San Pedro River (Arizona)
The San Pedro River is a northward-flowing stream originating about south of the international border south of Sierra Vista, Arizona, in Cananea Municipality, Sonora, Mexico. The river starts at the confluence of other streams just east of Sauceda, Cananea. Within Arizona, the river flows north through Cochise County, Pima County, Graham County, and Pinal County to its confluence with the Gila River, at Winkelman, Arizona. It is the last major, undammed desert river in the American Southwest, and it is of major ecological importance as it hosts two-thirds of the avian diversity in the United States, including 100 species of breeding birds and almost 300 species of migrating birds.
HistoryThe first people to enter the San Pedro Valley were the Clovis people who hunted mammoth here from 10,000 years ago. The San Pedro Valley has the highest concentration of Clovis sites in North America. Some Clovis sites of note are the Lehner Mammoth-Kill Site, the Murray Springs Clovis Site and the Naco Mammoth-Kill Site.
The hunter-gatherer, Cochise Culture next made this area home between about 5000 to 200 BC. Followed by the more advanced Mogollon, Hohokam and Salado cultures who built permanent homes and engaged in agriculture here. By the time the first Europeans arrived these cultures had disappeared and the San Pedro River was home to the Sobaipuri people.
The first Europeans to visit the San Pedro River may have been the parties of Cabeza de Vaca, Fray Marcos de Niza or the Coronado expedition, and while no archeological evidence as yet exists of the passing of these groups, it has been fairly firmly established that the upper San Pedro was a widely recognized and utilized leg of the "Cibola Trail." The Jesuit priest Eusebio Kino visited the villages along the San Pedro and Babocomari Rivers in 1692 and soon after introduced the first livestock to this area.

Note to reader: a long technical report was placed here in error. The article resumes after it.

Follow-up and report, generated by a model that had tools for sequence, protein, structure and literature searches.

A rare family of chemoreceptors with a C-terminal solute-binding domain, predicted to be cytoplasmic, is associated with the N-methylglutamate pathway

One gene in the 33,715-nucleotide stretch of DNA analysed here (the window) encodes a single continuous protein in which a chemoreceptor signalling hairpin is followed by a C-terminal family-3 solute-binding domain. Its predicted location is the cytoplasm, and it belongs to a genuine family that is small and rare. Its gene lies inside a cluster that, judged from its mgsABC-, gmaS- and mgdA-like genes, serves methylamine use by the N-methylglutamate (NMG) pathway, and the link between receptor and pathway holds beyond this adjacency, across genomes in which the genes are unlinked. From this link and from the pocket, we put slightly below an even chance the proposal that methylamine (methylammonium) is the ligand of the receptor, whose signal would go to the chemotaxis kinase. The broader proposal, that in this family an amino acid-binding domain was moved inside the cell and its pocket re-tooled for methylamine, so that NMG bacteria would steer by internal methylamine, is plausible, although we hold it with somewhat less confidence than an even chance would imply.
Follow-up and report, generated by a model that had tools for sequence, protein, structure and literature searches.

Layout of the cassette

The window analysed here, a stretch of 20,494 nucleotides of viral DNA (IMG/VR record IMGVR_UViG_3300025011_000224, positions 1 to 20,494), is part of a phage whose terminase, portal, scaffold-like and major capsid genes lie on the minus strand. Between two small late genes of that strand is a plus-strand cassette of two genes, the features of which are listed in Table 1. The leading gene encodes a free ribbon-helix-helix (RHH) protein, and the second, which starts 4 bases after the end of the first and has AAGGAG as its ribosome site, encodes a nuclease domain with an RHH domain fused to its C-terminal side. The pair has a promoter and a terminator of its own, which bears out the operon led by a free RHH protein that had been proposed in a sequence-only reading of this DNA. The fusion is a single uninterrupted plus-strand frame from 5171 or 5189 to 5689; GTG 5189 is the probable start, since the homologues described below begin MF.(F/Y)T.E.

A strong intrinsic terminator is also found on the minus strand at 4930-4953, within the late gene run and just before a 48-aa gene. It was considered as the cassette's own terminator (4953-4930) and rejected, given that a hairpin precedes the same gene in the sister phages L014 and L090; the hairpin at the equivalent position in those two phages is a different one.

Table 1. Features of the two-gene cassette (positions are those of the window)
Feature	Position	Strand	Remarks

It is widely believed that by 1762 Apache depredation drove the Sobaipuri and Spanish out of the San Pedro Valley which then remained largely uninhabited until the early 1800s. This, however, is not true as a recent study has shown. Documents state that not all the Sobaipuri left and in the 1780s Sobaipuri were noted still living along the river. Archaeology has confirmed additional Sobaipuri settlements along the middle San Pedro not mentioned in the documentary record throughout the 1800s.